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Biodiversity Audit of Áras an Uachtaráin Completed

November 2020

A year-long audit of the biodiversity of Ireland's Presidential grounds at Áras an Uachtaráin, completed by ecologists from Trinity College Dublin, has uncovered some rare and fascinating creatures. Despite a two-month hiatus in sampling due to COVID-19 restrictions in the spring, the team has revealed that the 130-acre Dublin site contains 14 distinct habitats that provide homes to more than 800 different species of plant, animal and fungus.

From the charismatic black and white badgers that have taken up residence in an old tunnel by the Icehouse to the cave spiders that share this dark and seemingly inhospitable site, and from the night-flying macro moths to the day-flying bumble bees, the biodiversity of Áras an Uachtaráin is considerable.

Nearly 300 species of plant, nearly 200 species of fungi, more than 50 species of bird, and nearly 250 species of invertebrates have been identified and recorded on the site. The just-published report has also revealed that Áras an Uachtaráin is home to the majority of our Irish bat species, who utilise its woodlands, pastures and pond.

The aim of the study was to assess the biodiversity on the site to provide a baseline for tracking change, and to make recommendations for maintaining and improving the site’s wildlife.

Jane Stout, project Team Leader and Professor in Botany, said “It’s been a privilege to survey the grounds of Áras an Uachtaráin, and to see some of the amazing creatures living there. With 14 different habitat types, in a relatively small area so close to central Dublin, the diversity was surprising. By mapping and quantifying the biodiversity of the Áras, we now have a baseline for tracking future changes.”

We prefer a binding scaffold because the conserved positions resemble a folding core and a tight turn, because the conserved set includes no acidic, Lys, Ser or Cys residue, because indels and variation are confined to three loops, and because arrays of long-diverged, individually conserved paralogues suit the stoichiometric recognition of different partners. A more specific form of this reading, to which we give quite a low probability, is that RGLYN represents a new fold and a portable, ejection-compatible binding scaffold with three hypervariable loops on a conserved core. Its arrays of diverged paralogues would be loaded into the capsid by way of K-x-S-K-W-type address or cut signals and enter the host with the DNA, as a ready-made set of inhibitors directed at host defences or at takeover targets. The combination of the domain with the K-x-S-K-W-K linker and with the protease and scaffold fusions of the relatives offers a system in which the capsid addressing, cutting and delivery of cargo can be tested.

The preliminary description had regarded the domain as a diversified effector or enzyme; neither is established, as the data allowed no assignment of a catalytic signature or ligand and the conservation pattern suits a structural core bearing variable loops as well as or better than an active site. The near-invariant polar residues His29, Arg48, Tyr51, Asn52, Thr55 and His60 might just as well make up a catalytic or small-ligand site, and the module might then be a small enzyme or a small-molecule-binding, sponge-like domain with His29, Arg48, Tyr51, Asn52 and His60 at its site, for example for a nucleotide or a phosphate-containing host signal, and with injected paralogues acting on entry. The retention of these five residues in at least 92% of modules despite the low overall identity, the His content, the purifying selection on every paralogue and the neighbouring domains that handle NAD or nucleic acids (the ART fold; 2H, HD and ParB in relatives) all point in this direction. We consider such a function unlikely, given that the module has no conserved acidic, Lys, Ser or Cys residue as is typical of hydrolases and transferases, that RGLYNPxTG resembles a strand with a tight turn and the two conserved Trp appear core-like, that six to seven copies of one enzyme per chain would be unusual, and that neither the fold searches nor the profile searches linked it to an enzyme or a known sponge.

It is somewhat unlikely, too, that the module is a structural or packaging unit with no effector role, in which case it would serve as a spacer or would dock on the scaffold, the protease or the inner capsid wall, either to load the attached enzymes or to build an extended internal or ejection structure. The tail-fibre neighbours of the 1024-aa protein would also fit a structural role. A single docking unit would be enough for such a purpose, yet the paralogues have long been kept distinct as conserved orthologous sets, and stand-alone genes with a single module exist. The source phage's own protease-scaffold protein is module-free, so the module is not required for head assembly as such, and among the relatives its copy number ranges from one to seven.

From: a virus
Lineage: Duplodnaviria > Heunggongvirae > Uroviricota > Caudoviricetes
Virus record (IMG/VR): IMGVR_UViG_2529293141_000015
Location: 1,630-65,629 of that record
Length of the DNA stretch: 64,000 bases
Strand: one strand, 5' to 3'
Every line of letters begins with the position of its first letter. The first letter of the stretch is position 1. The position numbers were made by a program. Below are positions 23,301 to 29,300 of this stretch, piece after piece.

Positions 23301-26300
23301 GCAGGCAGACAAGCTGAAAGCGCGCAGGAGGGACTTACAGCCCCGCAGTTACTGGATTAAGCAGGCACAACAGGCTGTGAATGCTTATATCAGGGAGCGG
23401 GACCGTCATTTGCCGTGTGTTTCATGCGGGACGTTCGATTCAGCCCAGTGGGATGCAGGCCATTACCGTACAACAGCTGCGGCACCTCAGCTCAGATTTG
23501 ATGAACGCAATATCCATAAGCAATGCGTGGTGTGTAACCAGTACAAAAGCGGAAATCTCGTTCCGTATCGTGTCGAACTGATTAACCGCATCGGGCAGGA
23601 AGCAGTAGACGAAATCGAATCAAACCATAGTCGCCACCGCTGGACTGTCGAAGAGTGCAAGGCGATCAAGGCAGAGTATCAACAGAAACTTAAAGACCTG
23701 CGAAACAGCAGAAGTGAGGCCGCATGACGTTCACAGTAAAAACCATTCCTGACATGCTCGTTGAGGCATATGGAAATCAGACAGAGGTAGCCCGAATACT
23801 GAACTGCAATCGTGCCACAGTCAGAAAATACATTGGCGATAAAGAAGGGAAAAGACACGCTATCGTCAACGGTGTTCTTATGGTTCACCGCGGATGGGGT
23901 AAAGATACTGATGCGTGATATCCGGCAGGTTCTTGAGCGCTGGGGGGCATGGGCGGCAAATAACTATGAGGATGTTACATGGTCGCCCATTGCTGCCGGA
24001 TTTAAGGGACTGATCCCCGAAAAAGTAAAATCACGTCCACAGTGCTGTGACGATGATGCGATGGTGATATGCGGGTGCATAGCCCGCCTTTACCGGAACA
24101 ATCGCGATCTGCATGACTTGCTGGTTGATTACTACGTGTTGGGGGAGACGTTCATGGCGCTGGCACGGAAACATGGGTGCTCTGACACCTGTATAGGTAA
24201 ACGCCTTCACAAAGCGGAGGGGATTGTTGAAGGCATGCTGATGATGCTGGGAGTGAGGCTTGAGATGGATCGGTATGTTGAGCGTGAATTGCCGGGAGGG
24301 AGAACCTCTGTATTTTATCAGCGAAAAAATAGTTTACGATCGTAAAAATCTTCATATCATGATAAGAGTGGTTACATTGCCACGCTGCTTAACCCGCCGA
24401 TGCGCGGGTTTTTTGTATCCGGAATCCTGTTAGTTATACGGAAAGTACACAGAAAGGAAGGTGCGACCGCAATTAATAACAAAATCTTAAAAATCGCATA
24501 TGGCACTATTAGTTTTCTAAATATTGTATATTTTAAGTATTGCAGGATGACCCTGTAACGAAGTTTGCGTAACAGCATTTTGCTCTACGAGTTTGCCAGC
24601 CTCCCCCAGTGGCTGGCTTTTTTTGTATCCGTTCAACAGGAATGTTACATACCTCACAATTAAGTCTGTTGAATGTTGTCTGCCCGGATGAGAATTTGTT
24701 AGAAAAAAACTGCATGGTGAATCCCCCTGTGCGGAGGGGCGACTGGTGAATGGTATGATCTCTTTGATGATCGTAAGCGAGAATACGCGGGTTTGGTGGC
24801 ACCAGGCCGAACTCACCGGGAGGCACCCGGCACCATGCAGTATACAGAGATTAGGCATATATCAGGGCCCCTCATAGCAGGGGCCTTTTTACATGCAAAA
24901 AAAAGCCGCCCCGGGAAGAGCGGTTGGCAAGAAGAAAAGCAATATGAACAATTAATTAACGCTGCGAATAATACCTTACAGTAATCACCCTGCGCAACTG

Dr Aoibheann Gaughran, Project Manager, said “There is great potential to enhance the biodiversity of Áras an Uachtaráin even further, from actions to improve and restore species-rich grasslands to creating habitat for insects, pollinators, birds and mammals to nest in, as well as even perhaps the creation of new wetland habitats. It is an incredible opportunity to showcase how a landscape that was created and managed by people for people, can also be one where nature, in all its forms, really thrives.”

Prof Stout added “By managing for biodiversity in the long-term, the site will continue to provide benefits for its residents and visitors for many years to come. These benefits include carbon storage in trees and grasslands; habitats for wildlife; and cultural benefits for visitors and local residents.”

John McMahon, Commissioner at OPW, stated that the Office of Public Works has been delighted to collaborate with Trinity College in the completion of this comprehensive Biodiversity Audit of the Áras lands in the Phoenix Park. Recognising the importance of enhancing existing biodiversity, the recommended actions will be implemented as appropriate over the coming weeks and months. Some of the measures, for instance the facilitating of a return of pine marten, is already receiving active attention. The Audit represents a great achievement and provides a baseline for broader action and research.

Download the report here.

Six-spot burnet moth (Zygaena filipendulae) and marmalade hoverfly (Episyrphus balteatus) feeding on knapweed (Centaurea nigra) in the semi-natural grasslands of The Arboretum

Six-spot burnet moth (Zygaena filipendulae) and marmalade hoverfly (Episyrphus balteatus) feeding on knapweed (Centaurea nigra) in the semi-natural grasslands of The Arboretum